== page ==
When you work with other peer educators and know different stories as you have shared, have you ever feel hopeless and do not want to continue your current job?

We have different reflections, worrisome and thoughts, but we don't think that is the full picture, we have to think how to move forward, encourage our brothers to live to come over, to do whatever beneficial to the society, that is better than a normal person doing nothing. That is our life goal.

What have you done for the society that you are proud of?

From what we can see it is obvious that the HIV/AIDS centers, mass media, culture and information agencies are organising communication campaigns with different forms of panos, billboards and public art performance competitions to improve the public awareness, while we are, the sex workers, injection drug users, responsible for helping improve the awareness and implementing harm reduction interventions among us. We have advocated and distributed clean cylinders, instructed how to clean cylinders and warned them not to share cylinders and injecting objects. With female sex workers, we distributed condoms, instructed them how to use properly and advised them not to have sex without being protected as requested by their clients, they must always use condoms when having sex.

When doing the job, have you had any cases or rememberale memories that you find difficult to approach and challenging that you were discouraged and wanted to give up?

In general when having difficulties, I have to try to handle. While doing my job, I have many in-depth memorable stories, but more specially in recent time at a hot spot of sex trading, I met a sex worker who is deaf and mute, with our limited capacities we could not explain and educate this person. We had to seek the assistance from the school for people with disability and they were willing to support us with interpretation when they know the objectives of our activities. With the interpretation, we told the client how to use condoms, where the condoms can be provided and who distributes. For those people who do not want to use condoms, we advised the client absolutely disagree to have sex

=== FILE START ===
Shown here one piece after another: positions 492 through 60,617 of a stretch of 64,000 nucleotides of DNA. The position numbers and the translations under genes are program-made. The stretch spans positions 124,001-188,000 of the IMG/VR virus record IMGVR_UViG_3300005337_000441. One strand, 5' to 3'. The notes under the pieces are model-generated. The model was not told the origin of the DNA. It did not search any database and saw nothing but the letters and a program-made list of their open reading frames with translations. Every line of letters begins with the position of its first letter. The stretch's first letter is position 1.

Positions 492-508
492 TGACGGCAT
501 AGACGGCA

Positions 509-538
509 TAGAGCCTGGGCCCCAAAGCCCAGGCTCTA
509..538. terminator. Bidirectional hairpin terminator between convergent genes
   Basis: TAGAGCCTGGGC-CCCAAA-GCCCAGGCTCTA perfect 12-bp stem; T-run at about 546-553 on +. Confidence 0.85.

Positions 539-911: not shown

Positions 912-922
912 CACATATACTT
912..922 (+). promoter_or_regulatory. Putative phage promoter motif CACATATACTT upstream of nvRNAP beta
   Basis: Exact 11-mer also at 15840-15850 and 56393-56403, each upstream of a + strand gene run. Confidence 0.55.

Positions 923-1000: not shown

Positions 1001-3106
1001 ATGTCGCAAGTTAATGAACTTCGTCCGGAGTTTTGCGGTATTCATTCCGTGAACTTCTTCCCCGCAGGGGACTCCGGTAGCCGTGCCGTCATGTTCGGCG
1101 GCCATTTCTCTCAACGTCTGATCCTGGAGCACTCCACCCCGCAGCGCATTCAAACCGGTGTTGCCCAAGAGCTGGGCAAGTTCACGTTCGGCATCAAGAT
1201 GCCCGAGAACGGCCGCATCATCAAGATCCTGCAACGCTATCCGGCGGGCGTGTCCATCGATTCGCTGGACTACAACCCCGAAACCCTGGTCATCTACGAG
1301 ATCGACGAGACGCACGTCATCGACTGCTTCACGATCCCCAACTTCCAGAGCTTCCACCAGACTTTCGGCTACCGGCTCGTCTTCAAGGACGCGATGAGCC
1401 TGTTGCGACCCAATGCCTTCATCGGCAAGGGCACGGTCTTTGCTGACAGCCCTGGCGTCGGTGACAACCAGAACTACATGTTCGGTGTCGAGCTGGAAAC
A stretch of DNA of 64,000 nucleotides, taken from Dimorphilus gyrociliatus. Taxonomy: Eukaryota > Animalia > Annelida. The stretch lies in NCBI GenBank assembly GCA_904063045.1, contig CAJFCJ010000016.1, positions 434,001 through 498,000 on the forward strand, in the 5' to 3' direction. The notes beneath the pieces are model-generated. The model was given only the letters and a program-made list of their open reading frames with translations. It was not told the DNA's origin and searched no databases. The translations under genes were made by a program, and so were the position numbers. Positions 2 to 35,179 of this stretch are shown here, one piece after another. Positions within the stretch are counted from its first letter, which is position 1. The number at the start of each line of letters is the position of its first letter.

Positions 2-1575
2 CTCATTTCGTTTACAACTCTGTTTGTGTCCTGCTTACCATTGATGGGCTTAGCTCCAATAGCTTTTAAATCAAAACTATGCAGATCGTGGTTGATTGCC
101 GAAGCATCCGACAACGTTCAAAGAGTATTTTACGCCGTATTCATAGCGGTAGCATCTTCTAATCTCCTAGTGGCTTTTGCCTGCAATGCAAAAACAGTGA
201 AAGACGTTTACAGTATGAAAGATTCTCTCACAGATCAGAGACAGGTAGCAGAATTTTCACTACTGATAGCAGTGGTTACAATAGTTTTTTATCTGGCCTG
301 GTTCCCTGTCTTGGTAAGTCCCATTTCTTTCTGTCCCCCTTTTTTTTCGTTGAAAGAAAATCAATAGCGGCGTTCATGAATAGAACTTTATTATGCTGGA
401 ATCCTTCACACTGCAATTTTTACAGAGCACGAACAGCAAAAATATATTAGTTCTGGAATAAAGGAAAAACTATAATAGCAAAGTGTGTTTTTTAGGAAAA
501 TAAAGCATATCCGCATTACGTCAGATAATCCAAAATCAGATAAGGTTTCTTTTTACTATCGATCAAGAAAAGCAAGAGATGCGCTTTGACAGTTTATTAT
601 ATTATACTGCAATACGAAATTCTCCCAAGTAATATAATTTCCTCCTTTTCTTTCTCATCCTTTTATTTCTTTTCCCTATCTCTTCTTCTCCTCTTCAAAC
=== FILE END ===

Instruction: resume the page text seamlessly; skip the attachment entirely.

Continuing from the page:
How do you find your activities are meaningful to the community

Peer communication activities in Lam Dong province are very meaningful. We all understand that we have disadvantages and limited awareness/education, therefore there are many miserable lives. We have tried to advocate, educate and approach them step by step, then they sooner and later improve their knowledge and know how to prevent themselves from high risk behaviours and help other brothers access to ARV treatment free of charge provided by the Government.

As a peer educator, do you see any changes to yourself and in your life?

Of course, working as a peer educator, recently I have seen my personal benefits diminishing due to decreased incomes. Second, I have invested myself in this job, but in order to fulfill my wishes and responsibilities I have to accept it and have careful expenditure plan to cover my daily expenses. .

How is about your mental life? Is it different?

Mentally, I feel very comfortable. After working days and meetings with brothers, helping them understand the issues, and then I feel very happy when coming home. When the conditions are not allowed, for example bad weather or no campaign, I cannot approach them, I am very worried about uneducated peers and inaccessible areas if they know how to reduce harms. However, I have certain plans to approach them and conduct peer education.

Do you think you will be engaged in this job for a very long term or just for a certain period of time?

With regard to this question, we all defined at the very beginning that we will try our best to contribute if we still have capacities, energies and there are social needs. However, at the same time, we have trained a younger generation , i.e collaborators who later on will continue our duties. I myself has committed that if my health is good and the conditions are appropriate, I keep trying to complete my duties in coming time.

Thank you very much.